We didn’t have any plan in mind, but got tagged early on by a guide who identified himself as Mamadou Diallo (named in the LP). We planned on doing a hike with him in the morning but when we woke up the manager of the Tangama Hotel said he was Mamadou Diallo, and that he would sort us out a guide. It was quite confusing, as the two Mamadou’s looked fairly similar…in the end we hiked with our original Mamadou, as Mamadou no 2 couldn’t find an available guide. We paid $9 for both of us for the day and set off. The scenery is awesome and we hiked a 15km circular route through some villages and forests, to the Pont de Dieu (rock bridge over some falls) and to Chevalier Gardens (a 1908 French experiment to see what European plants would grow in Guinea). Mamadou, having claimed to speak English, French and Spanish, turned out to speak French plus a few words of English, which he wasn’t keen to use because of the importance of French as a language, apparently. We didn’t fancy another night at the Tangama so we moved accommodation and set up our tent in the garden of the French restaurant Le Bouchon Lyonnais ($8) (N10 41.260 W12 15.621) – we had originally discounted this option because there isn’t much privacy from the road, or any shade, but in the end it wasn’t an issue at all. The food was absolutely amazing, the best we have had on the West coast, and the owner/manageress is really lovely.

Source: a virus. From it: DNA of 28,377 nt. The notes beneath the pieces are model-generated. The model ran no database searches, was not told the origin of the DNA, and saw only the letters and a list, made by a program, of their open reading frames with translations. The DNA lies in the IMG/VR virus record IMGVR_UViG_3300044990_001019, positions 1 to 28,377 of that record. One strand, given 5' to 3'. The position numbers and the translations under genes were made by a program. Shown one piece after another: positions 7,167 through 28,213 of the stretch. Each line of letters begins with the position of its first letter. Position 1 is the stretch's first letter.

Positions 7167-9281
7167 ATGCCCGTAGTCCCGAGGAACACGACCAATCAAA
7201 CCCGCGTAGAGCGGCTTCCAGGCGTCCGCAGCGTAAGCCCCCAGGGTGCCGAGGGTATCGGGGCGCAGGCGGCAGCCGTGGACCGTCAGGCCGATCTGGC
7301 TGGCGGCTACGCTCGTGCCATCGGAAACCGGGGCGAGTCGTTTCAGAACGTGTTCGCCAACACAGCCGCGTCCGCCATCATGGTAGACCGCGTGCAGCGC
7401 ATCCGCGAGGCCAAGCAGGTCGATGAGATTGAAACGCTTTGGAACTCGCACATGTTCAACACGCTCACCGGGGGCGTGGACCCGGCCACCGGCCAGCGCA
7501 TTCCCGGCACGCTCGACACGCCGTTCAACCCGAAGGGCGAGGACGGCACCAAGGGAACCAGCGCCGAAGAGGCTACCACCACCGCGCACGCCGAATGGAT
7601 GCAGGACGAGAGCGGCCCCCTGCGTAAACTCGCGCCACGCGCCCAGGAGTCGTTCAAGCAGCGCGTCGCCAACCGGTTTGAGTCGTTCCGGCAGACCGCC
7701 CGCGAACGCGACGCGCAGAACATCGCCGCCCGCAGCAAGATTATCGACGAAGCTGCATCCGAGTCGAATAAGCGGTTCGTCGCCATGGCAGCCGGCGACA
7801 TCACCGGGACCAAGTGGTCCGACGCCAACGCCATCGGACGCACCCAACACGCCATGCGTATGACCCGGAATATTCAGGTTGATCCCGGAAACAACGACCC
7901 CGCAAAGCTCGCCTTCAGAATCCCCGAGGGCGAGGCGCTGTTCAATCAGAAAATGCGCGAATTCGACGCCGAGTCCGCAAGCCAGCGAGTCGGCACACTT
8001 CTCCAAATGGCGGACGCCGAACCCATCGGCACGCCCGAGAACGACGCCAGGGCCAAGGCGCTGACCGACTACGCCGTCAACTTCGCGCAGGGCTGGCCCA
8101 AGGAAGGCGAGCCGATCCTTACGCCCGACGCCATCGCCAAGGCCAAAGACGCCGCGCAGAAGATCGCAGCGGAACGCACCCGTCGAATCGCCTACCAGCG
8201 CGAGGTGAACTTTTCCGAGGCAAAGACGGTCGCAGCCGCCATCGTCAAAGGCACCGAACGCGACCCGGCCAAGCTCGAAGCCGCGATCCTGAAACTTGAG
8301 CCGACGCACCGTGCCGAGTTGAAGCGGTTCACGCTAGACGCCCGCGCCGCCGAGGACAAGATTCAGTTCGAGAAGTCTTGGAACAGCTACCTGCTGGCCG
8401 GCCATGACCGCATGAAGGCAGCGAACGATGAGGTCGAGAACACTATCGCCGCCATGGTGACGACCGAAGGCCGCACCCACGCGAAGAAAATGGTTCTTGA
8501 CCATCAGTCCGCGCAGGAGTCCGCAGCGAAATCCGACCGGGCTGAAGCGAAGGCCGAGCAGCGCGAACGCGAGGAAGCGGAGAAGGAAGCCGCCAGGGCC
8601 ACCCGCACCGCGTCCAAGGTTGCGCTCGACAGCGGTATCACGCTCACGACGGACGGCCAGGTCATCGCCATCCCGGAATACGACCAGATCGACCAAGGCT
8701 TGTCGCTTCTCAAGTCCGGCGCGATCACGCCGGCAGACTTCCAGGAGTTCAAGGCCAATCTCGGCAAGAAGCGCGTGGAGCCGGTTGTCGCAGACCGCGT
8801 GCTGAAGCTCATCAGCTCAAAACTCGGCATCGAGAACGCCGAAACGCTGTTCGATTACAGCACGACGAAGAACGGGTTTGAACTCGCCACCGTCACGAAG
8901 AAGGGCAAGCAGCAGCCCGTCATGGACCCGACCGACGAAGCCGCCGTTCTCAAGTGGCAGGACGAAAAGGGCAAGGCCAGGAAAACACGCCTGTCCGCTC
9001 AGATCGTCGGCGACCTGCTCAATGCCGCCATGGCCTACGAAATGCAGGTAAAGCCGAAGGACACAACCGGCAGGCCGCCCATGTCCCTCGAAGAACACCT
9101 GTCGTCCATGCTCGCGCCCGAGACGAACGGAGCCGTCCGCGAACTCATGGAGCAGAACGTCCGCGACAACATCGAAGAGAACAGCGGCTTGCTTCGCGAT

Brett: Mamou seems to be the epicentre of potholes in Guinea, particularly within a 40km radius of the town in all directions. We stopped at the Ecole Forestiere (N10 21.909 W12 06.747) where we used the internet in the student computer room – it took ages to get through a few chores because it was so slow, but they have a lot of equipment and computers and the guys running it are really knowledgeable. They charged us $8 for a few hours of internet, but then camping was free. They aren’t really set up for camping, and we were a bit of a curiosity for the visiting students and professors on various courses and conferences, but they do have a lot of space in the grounds. 

We had been struggling to get in touch with Mike and Emma who had gone to Conakry to get their Ivory Coast Visas (8h in embassy + 48h to process, €100, no need for proof of accom) – being unable to contact each other on our cell phones, we had to rely on a Kindle email every 2 days and good old fashioned making a plan and sticking to it. We caught up with them at Dabola at the very pink Tinkisso Hotel (N10 44.170 W11 06.603) and heard about their adventures in Conakry and the islands while we had been walking Dabola flat.

On the way to Kankan, Mike and Emma got their first puncture from a bolt on the potholed roads. Kankan is a university town and has a nice feel, but there were several attempts to overcharge us on accommodation and fuel. We gave the charity box from Meggan and John to the Catholic Mission Orphanage & School, who where absolutely thrilled with the gift, but a little nervous to take it at first – it was probably the gift they had ever received. After a much needed shower we wandered round town before settling on dinner at Hotel Bakonko. We spent the night camped in the courtyard at Centre d’Accueil Diocesain (N10 22.291 W9 18.006), the guesthouse attached to the Catholic Mission which runs the school, and paid for a room to use the showers ($25 was a bit steep). There were a large number of massive bats in the trees and it was incredibly hot and humid through the night – we woke up before sunrise in puddles of sweat.